#CNN #EfficientNet #model scaling #progressive learning
EfficientNet was first proposed in the original paper of Mingxing Tan & Quoc V Le in 2019, namely EfficientNet: Rethinking Model Scaling for Convolutional Neural Networks. It introduced a novel model compound scaling method which resulted in a family of efficient neural networks with the baseline model as EfficientNet B0 and scaled up to EfficientNet B1 to B7.
Model scaling is widely used to get better accuracy. Intuitively, higher resolution will enable the model to have higher capacity. A deeper network with more layers will increase the receptive field. More channels will capture more fine-grain patterns. Before the introduction of EfficientNet, it was common to scale up a single dimension of the network: width, depth or resolution. However, the accuracy gain diminishes when model gets bigger. The authors of EfficientNet introduced the compound scaling method that balances all the three dimensions and yields a new family of models which achieve much better accuracy and efficiency.
MBConv and Fused-MBConv
Bottleneck convolution block was first introduced in the original paper of ResNet in 2015. This convolution block shrinks the input channels, hence the name bottleneck. MBConv is the inverted bottleneck convolution block, where the channels are expanded instead. This type of convolution block was proposed in the MobileNetV2 paper in 2018, hence the name mobile inverted bottleneck convolution or MBConv for short.
Fused-MBConv block is similar to MBConv, except the depthwise separable convolution is replaced by standard 2D convolution. Depthwise convolution has fewer parameters and FLOPS compared with standard 2D convolution. However, depthwise convolution cannot fully utilize modern accelerators, hence it often runs slower. As a result, Fused-MBConv has more parameters and FLOPS compared with MBConv, but it also runs faster.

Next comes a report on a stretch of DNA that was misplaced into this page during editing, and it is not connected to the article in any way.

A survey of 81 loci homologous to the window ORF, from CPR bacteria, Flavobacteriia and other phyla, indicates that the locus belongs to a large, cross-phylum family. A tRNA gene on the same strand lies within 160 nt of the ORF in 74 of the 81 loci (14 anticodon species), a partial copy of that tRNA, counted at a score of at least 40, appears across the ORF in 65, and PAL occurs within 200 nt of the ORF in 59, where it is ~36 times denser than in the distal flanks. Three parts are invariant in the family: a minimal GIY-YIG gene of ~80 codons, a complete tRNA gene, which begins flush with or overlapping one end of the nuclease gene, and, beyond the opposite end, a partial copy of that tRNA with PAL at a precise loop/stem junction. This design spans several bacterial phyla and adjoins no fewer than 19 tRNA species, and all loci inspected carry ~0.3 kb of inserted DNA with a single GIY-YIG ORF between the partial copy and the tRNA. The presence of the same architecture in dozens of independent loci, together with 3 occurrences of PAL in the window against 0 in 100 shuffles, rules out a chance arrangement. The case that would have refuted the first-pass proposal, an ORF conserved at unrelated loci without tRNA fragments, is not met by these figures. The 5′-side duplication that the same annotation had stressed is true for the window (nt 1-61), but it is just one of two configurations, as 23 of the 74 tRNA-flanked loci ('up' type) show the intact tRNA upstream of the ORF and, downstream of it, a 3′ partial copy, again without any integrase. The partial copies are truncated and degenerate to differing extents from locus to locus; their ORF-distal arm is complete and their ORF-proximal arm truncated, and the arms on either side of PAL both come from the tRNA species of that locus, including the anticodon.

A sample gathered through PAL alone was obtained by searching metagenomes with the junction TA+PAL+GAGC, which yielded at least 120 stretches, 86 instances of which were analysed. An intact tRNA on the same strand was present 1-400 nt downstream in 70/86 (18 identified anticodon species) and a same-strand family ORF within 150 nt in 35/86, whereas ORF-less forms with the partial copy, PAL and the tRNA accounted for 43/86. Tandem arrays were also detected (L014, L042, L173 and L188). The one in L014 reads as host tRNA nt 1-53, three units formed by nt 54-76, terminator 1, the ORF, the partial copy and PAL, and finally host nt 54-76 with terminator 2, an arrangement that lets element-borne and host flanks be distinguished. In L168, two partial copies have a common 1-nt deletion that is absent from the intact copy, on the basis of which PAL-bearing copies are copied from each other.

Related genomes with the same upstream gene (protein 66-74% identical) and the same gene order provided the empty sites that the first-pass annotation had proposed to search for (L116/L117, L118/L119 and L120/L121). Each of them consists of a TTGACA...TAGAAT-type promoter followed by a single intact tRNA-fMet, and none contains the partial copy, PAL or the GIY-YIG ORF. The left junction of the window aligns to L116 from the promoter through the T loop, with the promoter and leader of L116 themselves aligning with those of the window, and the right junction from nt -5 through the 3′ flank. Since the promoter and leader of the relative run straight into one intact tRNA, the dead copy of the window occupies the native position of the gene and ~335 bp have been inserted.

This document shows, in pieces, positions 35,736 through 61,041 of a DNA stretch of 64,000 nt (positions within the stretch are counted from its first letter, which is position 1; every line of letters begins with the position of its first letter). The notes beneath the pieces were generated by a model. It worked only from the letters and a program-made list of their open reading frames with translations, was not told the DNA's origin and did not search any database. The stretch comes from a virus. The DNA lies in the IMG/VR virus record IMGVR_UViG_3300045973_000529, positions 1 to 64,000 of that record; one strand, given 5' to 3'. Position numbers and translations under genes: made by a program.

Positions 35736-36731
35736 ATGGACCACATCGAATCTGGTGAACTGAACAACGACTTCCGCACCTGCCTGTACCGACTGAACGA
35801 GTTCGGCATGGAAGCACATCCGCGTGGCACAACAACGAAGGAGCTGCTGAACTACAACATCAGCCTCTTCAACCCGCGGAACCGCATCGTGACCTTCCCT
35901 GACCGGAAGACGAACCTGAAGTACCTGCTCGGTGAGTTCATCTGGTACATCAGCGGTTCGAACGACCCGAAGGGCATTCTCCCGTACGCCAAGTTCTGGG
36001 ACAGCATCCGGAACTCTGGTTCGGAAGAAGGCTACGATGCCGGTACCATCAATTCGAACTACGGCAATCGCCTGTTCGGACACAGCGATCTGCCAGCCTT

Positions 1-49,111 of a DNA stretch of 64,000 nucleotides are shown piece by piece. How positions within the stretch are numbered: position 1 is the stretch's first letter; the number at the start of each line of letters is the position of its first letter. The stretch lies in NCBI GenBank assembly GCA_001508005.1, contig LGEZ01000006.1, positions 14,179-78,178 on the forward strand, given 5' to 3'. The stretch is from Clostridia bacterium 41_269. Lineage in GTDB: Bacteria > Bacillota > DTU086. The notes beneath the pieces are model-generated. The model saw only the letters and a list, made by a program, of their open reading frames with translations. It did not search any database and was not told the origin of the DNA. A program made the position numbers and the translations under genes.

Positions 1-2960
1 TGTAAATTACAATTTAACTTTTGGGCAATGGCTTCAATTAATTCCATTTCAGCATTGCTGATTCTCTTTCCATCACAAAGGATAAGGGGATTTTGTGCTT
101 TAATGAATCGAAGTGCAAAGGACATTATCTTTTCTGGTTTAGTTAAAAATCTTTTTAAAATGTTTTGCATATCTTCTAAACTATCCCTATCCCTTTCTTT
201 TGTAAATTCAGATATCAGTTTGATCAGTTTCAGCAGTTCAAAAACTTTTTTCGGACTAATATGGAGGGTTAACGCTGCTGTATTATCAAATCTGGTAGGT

EfficentNetV2 vs EfficientNet
EfficientNetV2 was proposed by the same authors of EfficientNet three years later in the paper EfficientNetV2: Smaller Models and Faster Training. It uses a mix of MBConv and Fused-MBConv with smaller expansion ratio. In addition, Fused-MBConv is placed at the early stages to speed up the training. EfficientNetV2 also uses smaller kernel size and adds more layers to compensate for the reduced receptive field. EfficientNetV2 starts with the baseline network, EfficientNetV2-S, and scales up to EfficientNetV2-M/L.
EfficeintNetV2 is trained with progressive learning to speed up training and maintain high accuracy. At early training epochs, the model is fed with small images and weak regularization. Then both image size and regularization strength are gradually increased during training. Progressive learning helps training converge faster and achieve higher accuracy.
Compared with EfficientNetV1 and other state-of-the-art models, EfficientNetV2 achieves higher accuracy while being smaller and can be trained faster.